Is Travel Good for You?

A recent study found that people who take several trips every year are 7% happier than those who rarely travel.
A recent study found that people who take several trips every year are 7% happier than those who rarely travel.

After more than a year of coping with restrictions associated with the coronavirus, people around the world are getting vaccinated and hoping for a return to life as we once knew it. For many, a life without travel has been especially difficult, and new research explains why it's been so tough.

In a 2021 survey published in the journal Tourism Analysis, Washington State University researchers determined that people who regularly travel are 7 percent happier than those who rarely travel. Researcher Chun-Chu Chen surveyed 500 Taiwanese adults who traveled several times a year, at least 75 miles (121 km) from home. Their responses indicated that tourism can have a prolonged effect on happiness and wellness.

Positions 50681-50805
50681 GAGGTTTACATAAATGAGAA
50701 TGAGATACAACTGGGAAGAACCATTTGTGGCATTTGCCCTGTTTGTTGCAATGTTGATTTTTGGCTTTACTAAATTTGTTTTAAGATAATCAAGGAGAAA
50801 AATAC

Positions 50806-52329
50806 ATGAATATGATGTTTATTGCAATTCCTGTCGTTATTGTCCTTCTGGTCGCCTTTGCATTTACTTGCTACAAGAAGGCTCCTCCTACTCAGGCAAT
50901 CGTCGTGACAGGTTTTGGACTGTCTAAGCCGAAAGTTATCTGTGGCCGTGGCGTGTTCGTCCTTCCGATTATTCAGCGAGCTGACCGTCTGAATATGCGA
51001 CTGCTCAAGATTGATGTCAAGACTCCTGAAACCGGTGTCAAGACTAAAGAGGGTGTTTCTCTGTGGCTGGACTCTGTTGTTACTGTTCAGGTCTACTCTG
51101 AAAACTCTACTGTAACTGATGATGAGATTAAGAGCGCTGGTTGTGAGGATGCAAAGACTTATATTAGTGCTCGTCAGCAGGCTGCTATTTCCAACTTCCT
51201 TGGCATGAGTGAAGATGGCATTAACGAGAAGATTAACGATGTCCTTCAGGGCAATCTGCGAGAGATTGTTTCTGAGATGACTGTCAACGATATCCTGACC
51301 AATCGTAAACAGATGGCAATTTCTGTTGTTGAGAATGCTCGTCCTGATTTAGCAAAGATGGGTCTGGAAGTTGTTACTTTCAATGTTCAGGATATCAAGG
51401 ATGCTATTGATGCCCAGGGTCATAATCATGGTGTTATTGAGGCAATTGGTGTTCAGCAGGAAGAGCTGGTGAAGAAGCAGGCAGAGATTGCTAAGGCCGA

Getting bitten by the travel bug:

  • Previous studies have examined the stress relief, health and wellness benefits of tourism, but only on the effect of a single trip. Chen's research hoped to quantify the sustained benefits of travel over the course of a year.

  • A 2010 study found that planning a trip contributes a larger and longer-lasting boost of happiness than the trip itself.

  • Similarly, a 2020 study found that planning post-pandemic travel tended to restore a sense of control among pandemic-stressed individuals.

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    • A recent study found that people who take several trips every year are 7% happier than those who rarely travel.
      A recent study found that people who take several trips every year are 7% happier than those who rarely travel.